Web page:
Traffic police: Dedicated public servants striving to keep the streets safe for all

Traffic police checking on the riders. driving under the influence of drugs
Traffic police checking on the riders.

On those scorching summer days, when the skies threatened rain without warning, a group of us, first-year students from Kathmandu School of Law, embarked on a unique adventure.

We volunteered as traffic police officers, eager to gain firsthand knowledge of the world of traffic laws and regulations. Our volunteer journey lasted for around a week, and we were assigned to various bustling traffic sites across Kathmandu.

This volunteering work became an eye-opening experience for me and I got to reflect on the challenges faced by traffic police officers in Nepal.

At the assigned site

File: A traffic police staffer managing traffic in Kathmandu

From the first day, the reality of chaotic traffic hit us hard. Despite our extensive knowledge of traffic rules, we were met with a blatant disregard for regulations on the roads. It was disheartening for us, as law students, to witness the sheer audacity with which people flouted rules designed for their safety.

In our upbringing, we were taught that civilised people would adhere to and respect authority rules. However, the on-ground reality was starkly different. The traffic police officers we worked alongside were tirelessly trying to get people to obey these rules for their own safety, and it was disconcerting to witness the uphill battle they faced.

The issues on the road extended beyond mere disobedience of traffic rules. The entire road safety system and infrastructure seemed to be crumbling, primarily due to the behaviour of the locals rather than any shortcomings of the authorities. Despite the presence of traffic lights, zebra crossings, sky bridges, and well-maintained footpaths, pedestrians and drivers continued to engage in dangerous practices.

Crossing the road at non-designated locations, haphazard parking, and ignoring zebra crossings were common occurrences. When educated about these issues, people often responded with excuses like ignorance, impatience, or the prevailing lawlessness in Nepal.

Road hygiene emerged as another pressing concern during our volunteer period. The indiscriminate spitting and littering posed a serious health risk, especially in an era where any contagion can trigger a pandemic.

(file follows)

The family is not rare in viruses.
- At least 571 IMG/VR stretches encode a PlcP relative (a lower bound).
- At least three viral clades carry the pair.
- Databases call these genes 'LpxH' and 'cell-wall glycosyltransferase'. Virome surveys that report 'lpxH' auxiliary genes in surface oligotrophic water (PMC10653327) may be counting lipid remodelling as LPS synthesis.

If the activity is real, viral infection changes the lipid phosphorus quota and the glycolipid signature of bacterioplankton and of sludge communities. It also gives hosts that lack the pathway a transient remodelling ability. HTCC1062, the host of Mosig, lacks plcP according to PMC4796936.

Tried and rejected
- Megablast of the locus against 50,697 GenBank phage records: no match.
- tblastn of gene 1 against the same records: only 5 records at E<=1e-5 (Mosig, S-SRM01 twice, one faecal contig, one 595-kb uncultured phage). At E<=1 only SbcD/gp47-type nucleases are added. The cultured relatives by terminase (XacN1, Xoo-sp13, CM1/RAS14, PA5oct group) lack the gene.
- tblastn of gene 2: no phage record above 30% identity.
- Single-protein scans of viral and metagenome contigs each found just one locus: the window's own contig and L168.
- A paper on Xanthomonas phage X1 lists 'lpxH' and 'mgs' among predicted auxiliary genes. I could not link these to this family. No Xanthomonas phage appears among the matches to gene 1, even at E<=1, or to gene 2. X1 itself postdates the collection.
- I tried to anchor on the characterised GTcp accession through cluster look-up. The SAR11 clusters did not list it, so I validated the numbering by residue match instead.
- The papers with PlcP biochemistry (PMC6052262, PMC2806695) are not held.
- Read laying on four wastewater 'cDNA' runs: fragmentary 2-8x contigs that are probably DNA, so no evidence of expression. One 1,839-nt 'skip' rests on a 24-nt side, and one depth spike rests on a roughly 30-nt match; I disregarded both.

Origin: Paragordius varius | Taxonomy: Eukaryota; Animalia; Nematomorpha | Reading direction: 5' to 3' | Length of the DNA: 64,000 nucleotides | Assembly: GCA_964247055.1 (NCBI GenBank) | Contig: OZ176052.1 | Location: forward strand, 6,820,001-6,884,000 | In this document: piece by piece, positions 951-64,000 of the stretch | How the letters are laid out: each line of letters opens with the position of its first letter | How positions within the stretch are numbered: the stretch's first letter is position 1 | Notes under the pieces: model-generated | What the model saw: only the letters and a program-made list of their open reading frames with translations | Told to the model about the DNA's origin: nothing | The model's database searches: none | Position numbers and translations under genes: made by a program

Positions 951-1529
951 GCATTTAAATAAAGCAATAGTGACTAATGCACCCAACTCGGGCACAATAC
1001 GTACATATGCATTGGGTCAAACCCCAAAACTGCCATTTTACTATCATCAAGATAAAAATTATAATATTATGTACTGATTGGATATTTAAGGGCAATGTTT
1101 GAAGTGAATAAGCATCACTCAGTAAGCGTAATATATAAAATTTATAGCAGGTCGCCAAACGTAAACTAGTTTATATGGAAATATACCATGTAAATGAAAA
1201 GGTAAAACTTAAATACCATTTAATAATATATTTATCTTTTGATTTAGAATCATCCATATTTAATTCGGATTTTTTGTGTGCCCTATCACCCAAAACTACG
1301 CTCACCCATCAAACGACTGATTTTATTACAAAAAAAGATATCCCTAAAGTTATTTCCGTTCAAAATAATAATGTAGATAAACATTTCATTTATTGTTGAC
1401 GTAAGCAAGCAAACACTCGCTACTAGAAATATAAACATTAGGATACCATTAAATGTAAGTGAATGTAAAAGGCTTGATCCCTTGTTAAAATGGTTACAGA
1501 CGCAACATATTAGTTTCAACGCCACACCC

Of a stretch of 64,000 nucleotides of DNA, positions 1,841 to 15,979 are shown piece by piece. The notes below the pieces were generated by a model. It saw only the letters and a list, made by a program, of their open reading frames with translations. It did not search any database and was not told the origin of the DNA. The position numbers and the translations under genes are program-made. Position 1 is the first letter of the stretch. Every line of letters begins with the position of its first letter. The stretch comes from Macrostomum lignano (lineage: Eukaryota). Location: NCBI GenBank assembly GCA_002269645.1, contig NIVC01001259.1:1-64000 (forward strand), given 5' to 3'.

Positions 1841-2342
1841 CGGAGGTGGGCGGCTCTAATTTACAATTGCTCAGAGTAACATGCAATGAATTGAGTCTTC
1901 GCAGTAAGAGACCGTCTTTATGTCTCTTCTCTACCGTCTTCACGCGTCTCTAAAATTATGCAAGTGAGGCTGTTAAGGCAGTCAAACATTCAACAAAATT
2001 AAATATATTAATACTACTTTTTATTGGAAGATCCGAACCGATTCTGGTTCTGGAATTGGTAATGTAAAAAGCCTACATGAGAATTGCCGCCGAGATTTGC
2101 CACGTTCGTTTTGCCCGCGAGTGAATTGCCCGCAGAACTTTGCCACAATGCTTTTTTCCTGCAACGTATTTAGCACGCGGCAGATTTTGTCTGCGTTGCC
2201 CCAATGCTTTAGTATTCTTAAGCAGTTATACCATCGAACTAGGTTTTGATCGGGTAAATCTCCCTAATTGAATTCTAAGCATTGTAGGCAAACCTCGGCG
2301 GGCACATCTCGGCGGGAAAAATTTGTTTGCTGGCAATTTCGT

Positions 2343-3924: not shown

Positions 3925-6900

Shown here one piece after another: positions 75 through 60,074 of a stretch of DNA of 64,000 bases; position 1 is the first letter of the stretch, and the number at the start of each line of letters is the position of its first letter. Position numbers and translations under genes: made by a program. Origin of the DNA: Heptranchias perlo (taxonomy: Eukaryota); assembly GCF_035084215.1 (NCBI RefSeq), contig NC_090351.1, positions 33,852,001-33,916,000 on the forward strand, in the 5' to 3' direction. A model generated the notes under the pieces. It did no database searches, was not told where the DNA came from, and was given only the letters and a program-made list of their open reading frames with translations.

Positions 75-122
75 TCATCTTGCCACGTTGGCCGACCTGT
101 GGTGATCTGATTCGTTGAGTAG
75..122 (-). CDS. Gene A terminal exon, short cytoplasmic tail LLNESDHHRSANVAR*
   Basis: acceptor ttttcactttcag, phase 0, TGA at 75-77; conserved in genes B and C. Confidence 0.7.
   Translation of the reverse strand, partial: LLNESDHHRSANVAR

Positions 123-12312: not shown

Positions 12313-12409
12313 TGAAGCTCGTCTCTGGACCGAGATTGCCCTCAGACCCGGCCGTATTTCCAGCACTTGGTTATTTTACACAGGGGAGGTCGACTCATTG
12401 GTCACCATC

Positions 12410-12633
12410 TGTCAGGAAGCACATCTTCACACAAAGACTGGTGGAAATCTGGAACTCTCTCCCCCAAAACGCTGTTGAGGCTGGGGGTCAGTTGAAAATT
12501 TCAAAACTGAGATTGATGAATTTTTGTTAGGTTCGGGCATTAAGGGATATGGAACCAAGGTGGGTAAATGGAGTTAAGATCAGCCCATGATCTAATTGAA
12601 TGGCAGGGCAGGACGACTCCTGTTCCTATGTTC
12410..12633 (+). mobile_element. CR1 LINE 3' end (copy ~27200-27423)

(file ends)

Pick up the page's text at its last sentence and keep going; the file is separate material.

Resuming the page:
It became evident that the relevant authorities should take immediate action, including issuing official notices and imposing stringent penalties, to curb these practices. Our volunteer experience also exposed a deeply rooted issue of harassment against female police officers.

The comments and questions directed at these officers, ranging from school-going teenagers to adults, highlighted the deficiencies in Nepal’s education system when it came to teaching basic morals and ethics.

Shocking attitude and need for a sense of responsibility

File Image: A dummy donned as a traffic police staffer in Kathmandu, in September 2020.
File: A dummy donned as a traffic police staffer in Kathmandu, in September 2020.

This behaviour underscored the deeply ingrained patriarchy still prevalent in Nepali society. As our volunteer period progressed, we were shocked to discover that many individuals were utterly unaware of even the most basic traffic and driving regulations. This is despite the fact that traffic accidents are a leading cause of premature mortality in Nepal. Obtaining a driver’s license had become so effortless that many drivers no longer bothered to familiarise themselves with the fundamental rules.

Even facilities like sky bridges and walkways, designed to enhance pedestrian safety, were underutilised because people lacked awareness of when and how to use them. The fundamental importance of adhering to traffic rules seemed lost on many. When traffic officers attempted to enforce these rules, they were often accused of corruption or incompetence, further eroding their authority and respect in the eyes of the public.

The prevailing attitude among Nepalis appeared to be one of blame-shifting, rumour spreading, and critiquing the government, all while claiming that Nepal remained underdeveloped. However, when it came to actively working with the government to effect change, many seemed resistant. The root cause of these issues, we concluded, was a general lack of awareness, widespread illiteracy, and incomplete education among the populace.

To combat this, we suggested that the government consider mandating a minimum number of volunteer hours in traffic management as a prerequisite for obtaining a driver’s license. This would not only enhance individuals’ understanding of road safety but also foster a sense of responsibility for their own and others’ safety.

Engaging in voluntary traffic management had a profound impact on us. It improved our cognitive abilities, rationality, and open-mindedness. Personally, I will never view traffic police officers the same way again. I have gained a newfound appreciation for their dedication and the immense challenges they face.

In conclusion, our volunteer experience illuminated the myriad challenges faced by traffic police officers in Nepal.

It highlighted the urgent need for comprehensive education on traffic laws and safety, stricter enforcement of regulations, and a cultural shift towards respecting and cooperating with authorities.

While Nepal faces numerous road safety challenges, our passionate group of student volunteers represents a glimmer of hope for a future where traffic police are no longer viewed as machines but as dedicated public servants striving to keep the streets safe for all.

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Adhikari is a law student at Kathmandu School of Law.

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